“Investors can also use liquid funds as a parking area whenever they need to book profits in their equity investments, such as in equity MFs (mutual funds). Let the money lie in a liquid fund, before they decide what they want to do with it—whether to deploy it back into equity MFs or to withdraw,” said Jhaveri.

Note that in cases of STPs, you need to ensure that your liquid funds and equity funds belong to the same fund house. You won’t be allowed to transfer your money from a liquid fund belonging to fund house A to an equity fund of fund house B.

Ultra short-term bond funds

A close cousin of liquid funds is ultra short-term bond funds. While liquid funds can invest only in securities that mature up to 91 days, ultra short-term bond funds can invest in slightly higher maturity scrips. As a result, they stand a chance to earn slightly higher returns. The downside is that their risk profile also goes up as they are more prone to volatility, compared with a liquid fund.

According to rules laid down by the capital markets regulator, Securities and Exchange Board of India (Sebi), all scrips that mature up to 60 days are to be accounted for, on an accrual basis. Scrips that mature after 60 days must be valued on a mark-to-market basis. In simple words, an accrual method means that the interest of the underlying security is amortised over the tenure of the scrip and the daily interest so arrived, is then added to the price of the scrip at which it is bought. The net asset value (NAV), therefore, keeps going up at a steady pace, daily. Your liquid fund gets back its entire principal at the end of the tenor.

For securities that trade beyond 60 days, debt funds have to take their market or traded price. Since a large chunk of ultra short-term bond fund’s assets lie in scrips that mature beyond 60 days, they are subject to volatility.

“Typically, distributors sell ultra short-term bond funds since they get a higher commission in them, than what they get in liquid funds. Ultra short-term funds tend to give higher returns than liquid funds. And retail investors also tend to hold on to their investments for longer time frames, so ultra short-term bond funds can work better for them,” said a chief investment officer of a fund house who did not wish to be named. “Companies that invest in liquid funds do so for a very specific time frame; they, therefore, avoid taking any unnecessary risk,” he added.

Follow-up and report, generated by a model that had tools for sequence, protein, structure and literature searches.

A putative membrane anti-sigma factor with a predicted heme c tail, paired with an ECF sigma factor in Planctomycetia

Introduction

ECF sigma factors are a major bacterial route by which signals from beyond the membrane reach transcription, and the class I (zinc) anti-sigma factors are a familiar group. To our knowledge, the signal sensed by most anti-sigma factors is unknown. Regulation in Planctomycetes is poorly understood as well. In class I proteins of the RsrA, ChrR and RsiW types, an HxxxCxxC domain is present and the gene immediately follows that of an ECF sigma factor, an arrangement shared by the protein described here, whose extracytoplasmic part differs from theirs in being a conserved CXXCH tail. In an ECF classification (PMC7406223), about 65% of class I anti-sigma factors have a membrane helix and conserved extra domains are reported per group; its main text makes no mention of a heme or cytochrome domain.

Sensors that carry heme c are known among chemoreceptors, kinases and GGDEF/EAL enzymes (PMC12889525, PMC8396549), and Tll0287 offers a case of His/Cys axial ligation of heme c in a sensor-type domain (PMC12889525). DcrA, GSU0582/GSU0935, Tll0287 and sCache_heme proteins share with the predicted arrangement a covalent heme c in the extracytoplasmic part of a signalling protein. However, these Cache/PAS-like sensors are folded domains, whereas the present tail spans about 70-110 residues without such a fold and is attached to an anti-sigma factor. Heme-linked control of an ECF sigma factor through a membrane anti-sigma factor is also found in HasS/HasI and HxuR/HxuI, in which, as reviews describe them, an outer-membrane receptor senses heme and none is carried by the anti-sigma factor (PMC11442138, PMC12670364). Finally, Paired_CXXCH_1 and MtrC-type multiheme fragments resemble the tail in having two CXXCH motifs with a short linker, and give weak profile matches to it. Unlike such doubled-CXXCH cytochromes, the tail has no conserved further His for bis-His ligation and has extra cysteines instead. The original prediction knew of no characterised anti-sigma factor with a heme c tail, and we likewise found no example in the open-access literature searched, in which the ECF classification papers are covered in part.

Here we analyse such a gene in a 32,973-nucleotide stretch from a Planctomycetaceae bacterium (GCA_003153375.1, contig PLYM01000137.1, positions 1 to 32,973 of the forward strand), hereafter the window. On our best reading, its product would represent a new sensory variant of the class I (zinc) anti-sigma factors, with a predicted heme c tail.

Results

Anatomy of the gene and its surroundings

Over the past one-year period, ultra short-term bond funds have, on a daily basis, returned as high as 8.5-9% on an annualised basis.

“When we are talking of cash management needs, it’s best to keep it simple and uncomplicated. Hence, liquid funds work ideally for most requirements,” said Ashwin Patni, fund manager and head-products, Axis Asset Management Co. Ltd.

What should you do?

It clearly makes sense to have a liquid fund in your portfolio. Keep the fund’s risk-return profile in mind when you decide whether you wish to choose a liquid fund or venture into an ultra short-term fund. Navlakhi prefers larger-sized schemes as “liquid funds aren’t being invested in for returns but for safety first.”

Choose larger fund houses and schemes when it comes to liquid funds, unless you wish to start an SIP in a particular equity fund, in which case you will have to find a liquid fund within the same fund house. Also, larger liquid funds tend to have lower expense ratios.

It’s also a good idea to start an SIP into a liquid fund to build a contingency fund.